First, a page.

Senior Afghan officials say some Taliban leaders are offering intelligence about al Qaeda to prove they are serious about peace talks with the Afghan government.
The Afghan claims represent another sign of the new state of play in the region following the killing of al Qaeda leader Osama bin Laden by U.S. forces. Amid suspicions of Pakistani complicity in providing a haven for bin Laden, the claims of Taliban outreach serve to assert Afghan authority in peace efforts and play down the notion that only Pakistan can bring Taliban leaders to the table.
The Afghan officials who described the outreach said intelligence provided by Taliban leaders aided in the capture of Umar Patek, the suspected mastermind of the 2002 Bali bombings. Mr. Patek, an Indonesian, was arrested earlier this year by Pakistan’s intelligence service in Abbottabad, the same town where bin Laden was killed last week.
The Afghan assertions were ridiculed by an official with Pakistan’s Inter-Services Intelligence spy agency, who dismissed them as an Afghan attempt to “impress” America. A Taliban spokesman denied the claims.
A U.S. defense official voiced skepticism that Mr. Patek’s arrest was facilitated by Afghan intelligence. The U.S. Embassy in Kabul declined to comment.
But a U.S. official with knowledge of the outreach to the Taliban said some “relatively senior” Taliban leaders have been providing useful information on al Qaeda, although he couldn’t confirm the claim regarding Mr. Patek.
“We don’t know if it’s part of a reconciliation deal or a splinter group worried about Special Forces coming after them,” the U.S. official said. Reconciling with the Taliban has been a priority of Afghan President Hamid Karzai. Since bin Laden’s death, Afghan and American officials have made public appeals to the Taliban to join peace talks or face an end similar to his.
A major U.S. precondition for those talks is for the Taliban to sever its ties to al Qaeda.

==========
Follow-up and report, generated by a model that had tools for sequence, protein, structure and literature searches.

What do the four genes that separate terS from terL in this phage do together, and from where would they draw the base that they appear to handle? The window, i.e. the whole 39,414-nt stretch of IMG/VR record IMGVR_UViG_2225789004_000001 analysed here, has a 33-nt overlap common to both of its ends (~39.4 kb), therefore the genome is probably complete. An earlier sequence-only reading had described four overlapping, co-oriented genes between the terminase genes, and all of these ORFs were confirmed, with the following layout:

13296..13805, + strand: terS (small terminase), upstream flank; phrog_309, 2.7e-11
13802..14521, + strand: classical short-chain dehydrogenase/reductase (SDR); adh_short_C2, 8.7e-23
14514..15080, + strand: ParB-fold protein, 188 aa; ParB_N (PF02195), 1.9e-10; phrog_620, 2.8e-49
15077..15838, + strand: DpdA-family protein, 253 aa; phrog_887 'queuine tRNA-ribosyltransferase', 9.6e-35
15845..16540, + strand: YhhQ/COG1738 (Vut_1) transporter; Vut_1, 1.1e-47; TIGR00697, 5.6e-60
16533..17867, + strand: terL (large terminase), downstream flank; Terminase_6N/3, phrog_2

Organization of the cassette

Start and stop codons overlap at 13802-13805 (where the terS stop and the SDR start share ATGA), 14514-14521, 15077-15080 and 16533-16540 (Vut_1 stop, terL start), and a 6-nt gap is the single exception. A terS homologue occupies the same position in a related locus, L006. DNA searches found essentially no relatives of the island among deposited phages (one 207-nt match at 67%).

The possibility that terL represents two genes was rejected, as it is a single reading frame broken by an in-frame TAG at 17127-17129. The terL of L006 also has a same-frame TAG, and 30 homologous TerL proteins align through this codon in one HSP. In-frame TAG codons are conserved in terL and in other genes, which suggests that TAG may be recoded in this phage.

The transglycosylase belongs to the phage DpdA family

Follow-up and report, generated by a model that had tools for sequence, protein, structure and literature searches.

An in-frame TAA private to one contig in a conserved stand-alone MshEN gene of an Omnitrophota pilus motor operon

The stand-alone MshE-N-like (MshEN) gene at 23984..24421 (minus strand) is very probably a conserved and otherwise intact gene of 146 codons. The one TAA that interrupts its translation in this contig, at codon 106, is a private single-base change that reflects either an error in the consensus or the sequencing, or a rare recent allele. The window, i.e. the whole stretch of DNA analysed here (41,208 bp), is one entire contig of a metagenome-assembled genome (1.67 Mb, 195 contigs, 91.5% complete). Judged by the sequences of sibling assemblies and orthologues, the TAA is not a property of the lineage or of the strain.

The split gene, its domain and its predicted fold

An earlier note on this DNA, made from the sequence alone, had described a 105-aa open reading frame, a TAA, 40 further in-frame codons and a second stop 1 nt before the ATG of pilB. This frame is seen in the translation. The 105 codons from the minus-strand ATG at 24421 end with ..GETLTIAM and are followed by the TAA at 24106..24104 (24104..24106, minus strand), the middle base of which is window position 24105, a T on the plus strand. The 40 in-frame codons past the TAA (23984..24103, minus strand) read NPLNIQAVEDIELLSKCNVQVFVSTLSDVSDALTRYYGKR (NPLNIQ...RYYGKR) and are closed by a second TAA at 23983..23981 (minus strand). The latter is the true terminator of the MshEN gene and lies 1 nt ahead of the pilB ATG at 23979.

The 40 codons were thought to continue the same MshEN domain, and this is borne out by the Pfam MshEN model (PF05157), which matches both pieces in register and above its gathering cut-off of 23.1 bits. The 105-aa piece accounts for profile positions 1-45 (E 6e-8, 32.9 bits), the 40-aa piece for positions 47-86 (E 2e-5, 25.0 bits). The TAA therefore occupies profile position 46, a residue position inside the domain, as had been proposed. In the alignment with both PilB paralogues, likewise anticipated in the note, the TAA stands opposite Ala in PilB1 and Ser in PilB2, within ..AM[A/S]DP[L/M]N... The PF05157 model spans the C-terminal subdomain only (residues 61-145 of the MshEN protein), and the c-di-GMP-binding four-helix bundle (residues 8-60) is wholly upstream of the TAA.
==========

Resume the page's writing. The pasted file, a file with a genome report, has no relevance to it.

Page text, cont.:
Bin Laden’s death is a “golden opportunity” for the Taliban to cut that connection, said Afghan deputy national security adviser Shaida Mohammad Abdali.
“There are important people that are coming and joining the process,” said Mohammed Masoom Stanekzai, who advises Mr. Karzai on the outreach to the insurgency.
Afghan officials have complained that the Pakistani intelligence service, with an interest in maintaining Pakistani control over the peace process through its links to the Taliban, has repeatedly interfered to derail Kabul’s attempts to talk with insurgent leaders. But suspicion that elements of Pakistan’s military gave bin Laden refuge in Abbottabad has provided Afghan officials with new leverage.
One of the Taliban members speaking to Kabul, Afghan officials say, is Mawlawi Mohammed Abdul Kabir, a deputy prime minister during the Taliban regime who is now considered to be a senior member of the Quetta Shura, the insurgency’s leadership council.
Senior members of the Afghan government said Mr. Kabir has been helping tip off Afghan officials about al Qaeda members since being released from Pakistani custody last year. Pakistan’s government never confirmed that they detained him.
Taliban spokesman Zabiullah Mujahid denied that Taliban leaders have been providing information on al Qaeda. He said Mr. Kabir remains an active member of the insurgency and maintains no contacts with Kabul. The Taliban say they won’t join any peace talks until all foreign forces leave.
The Taliban have announced a spring offensive and stepped up deadly attacks in recent days. Mr. Stanekzai said the violence was a tactic for the insurgency to position themselves as peace negotiations unfold to get more of their demands met.
The Taliban, while condemning bin Laden’s killing, insist that the Afghan insurgency is a homegrown movement fully independent of al Qaeda, and say the death of al Qaeda’s founder will have no effect on their struggle.
Some former Taliban who have already reconciled with Kabul also cast doubt on the Afghan government’s claims, describing them as a deliberate attempt to sow discord within the insurgency.
“This is the rule of spy agencies to divide and rule,” said Abdul Hakim Mujahid, the former Taliban representative to the U.N. who is now part of the government’s High Peace Council. — WSJ